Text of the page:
According to the Washington Post, President Obama stated late Wednesday that “there may not be an appetite” to overhaul the nation’s immigration laws this year, even though he believes there is a pressing need to do so. “It’s a matter of political will,” Obama said during a rare visit to the press section of his presidential plane. ” . . . This is a difficult issue. It generates a lot of emotions . . . I need some help on the Republican side.” Obama has called repeatedly for comprehensive immigration reform, saying he wants to tighten control of the nation’s borders but also chart a path to citizenship for millions of immigrants who are in this country illegally.
Sen. Majority Leader Harry M. Reid (D-Nev.) said last week that he wanted to push forward with legislation regardless of whether lawmakers can forge a bipartisan compromise. However, he later backed away from that pledge, and Obama told reporters on the plane that he is willing to wait in order to work with Republican senators. On Wednesday, the Associated Press reported that Reid and Democratic Senators Charles E. Schumer (N.Y.) and Robert Menendez (N.J.) are forging a proposal that would call for more border security measures before expanding immigration options.
In his remarks to reporters, Obama cited the difficult battle over healthcare, the current debate on financial regulatory reform, and an energy bill, as well as November’s mid-term Congressional elections, as reasons an immigration bill might have to wait. “We’ve gone through a tough year, and I’ve been working Congress pretty hard,” the president said. “So I know there may not be an appetite immediately to dive into another controversial issue.”
Obama applauded negotiations on immigration legislation between Schumer and Senator Lindsey Graham (R-S.C.). He also said he would like to see a working group of lawmakers from both sides of the aisle craft “serious legislation that solves the border problem and solves the wide range of issues that we face under immigration reform in a way that can garner the support of the American people.”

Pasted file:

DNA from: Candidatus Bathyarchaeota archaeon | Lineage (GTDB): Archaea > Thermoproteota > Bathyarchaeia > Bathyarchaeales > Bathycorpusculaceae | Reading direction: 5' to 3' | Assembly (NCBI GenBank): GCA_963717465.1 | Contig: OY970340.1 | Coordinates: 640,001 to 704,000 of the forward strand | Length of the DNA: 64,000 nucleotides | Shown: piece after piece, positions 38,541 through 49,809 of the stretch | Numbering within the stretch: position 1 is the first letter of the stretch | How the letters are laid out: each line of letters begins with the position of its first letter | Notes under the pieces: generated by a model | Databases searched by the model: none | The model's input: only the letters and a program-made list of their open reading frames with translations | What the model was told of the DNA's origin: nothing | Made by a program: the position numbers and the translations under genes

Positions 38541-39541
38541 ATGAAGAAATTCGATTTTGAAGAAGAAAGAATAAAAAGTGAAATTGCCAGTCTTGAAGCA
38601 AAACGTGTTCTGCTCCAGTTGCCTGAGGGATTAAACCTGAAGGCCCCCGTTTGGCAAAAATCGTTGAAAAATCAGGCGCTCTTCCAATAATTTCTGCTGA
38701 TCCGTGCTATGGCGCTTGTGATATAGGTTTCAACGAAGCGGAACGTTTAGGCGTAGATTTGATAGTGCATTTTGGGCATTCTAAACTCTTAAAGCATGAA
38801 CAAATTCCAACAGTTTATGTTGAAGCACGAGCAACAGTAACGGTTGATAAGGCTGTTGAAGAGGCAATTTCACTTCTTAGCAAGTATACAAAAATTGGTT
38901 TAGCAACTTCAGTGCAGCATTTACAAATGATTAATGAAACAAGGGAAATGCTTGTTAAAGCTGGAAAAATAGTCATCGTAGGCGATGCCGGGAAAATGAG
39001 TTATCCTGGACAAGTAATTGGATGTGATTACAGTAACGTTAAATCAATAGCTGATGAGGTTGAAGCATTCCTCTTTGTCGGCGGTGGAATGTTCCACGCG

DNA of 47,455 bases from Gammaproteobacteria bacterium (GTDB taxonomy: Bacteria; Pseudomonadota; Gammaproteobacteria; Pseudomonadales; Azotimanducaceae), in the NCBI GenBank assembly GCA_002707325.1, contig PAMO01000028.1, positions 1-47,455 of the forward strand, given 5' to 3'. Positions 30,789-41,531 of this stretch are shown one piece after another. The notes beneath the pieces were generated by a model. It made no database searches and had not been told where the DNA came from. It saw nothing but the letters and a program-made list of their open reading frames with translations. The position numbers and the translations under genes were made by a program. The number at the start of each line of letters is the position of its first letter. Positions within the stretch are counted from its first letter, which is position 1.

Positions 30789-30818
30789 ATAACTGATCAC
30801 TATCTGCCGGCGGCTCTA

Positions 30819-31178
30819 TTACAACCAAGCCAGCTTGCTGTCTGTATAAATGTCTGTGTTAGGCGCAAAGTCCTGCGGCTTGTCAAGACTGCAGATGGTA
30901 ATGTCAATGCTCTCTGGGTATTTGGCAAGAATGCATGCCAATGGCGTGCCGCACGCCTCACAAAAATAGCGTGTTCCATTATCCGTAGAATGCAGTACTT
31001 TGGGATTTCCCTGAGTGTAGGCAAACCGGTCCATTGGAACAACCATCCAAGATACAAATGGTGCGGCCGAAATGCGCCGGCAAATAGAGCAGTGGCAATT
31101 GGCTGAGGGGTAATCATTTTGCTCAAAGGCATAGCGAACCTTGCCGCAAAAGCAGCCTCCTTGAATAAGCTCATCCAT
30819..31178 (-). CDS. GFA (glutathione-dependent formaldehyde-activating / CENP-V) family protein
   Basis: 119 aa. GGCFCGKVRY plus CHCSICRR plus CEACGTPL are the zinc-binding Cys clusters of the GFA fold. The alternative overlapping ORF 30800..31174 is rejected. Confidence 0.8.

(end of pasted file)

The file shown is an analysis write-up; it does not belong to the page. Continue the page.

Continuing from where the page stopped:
Obama condemned a tough new immigration law signed last week by Arizona Gov. Jan Brewer (R), which criminalizes illegal immigration by defining it as trespassing and allows local law enforcement agencies to question people they suspect of being undocumented. “That carries a great amount of risk that core values that we all care about are breached,” the president said. The White House and the Justice Department are weighing whether to sue Arizona in an effort to prevent the law from being implemented.
At the same time, Obama said he could understand the frustration that many Americans feel about seeing large numbers of people enter this country without permission, especially during hard economic times and in border states. “If you’ve got hundreds of thousands of people coming in, not playing by the rules, that’s a problem,” Obama said. “And the federal government has been abdicating on its responsibilities for a very long time on this issue.”
Despite concerns that Comprehensive Immigration Reform may not be enacted this year, pro-immigration advocates continue to urge supporters to continue pressuring on Congress for legislation. Despite several setbacks, they say that Comprehensive Immigration Reform is still possible this year.
The Washington Post article appears here.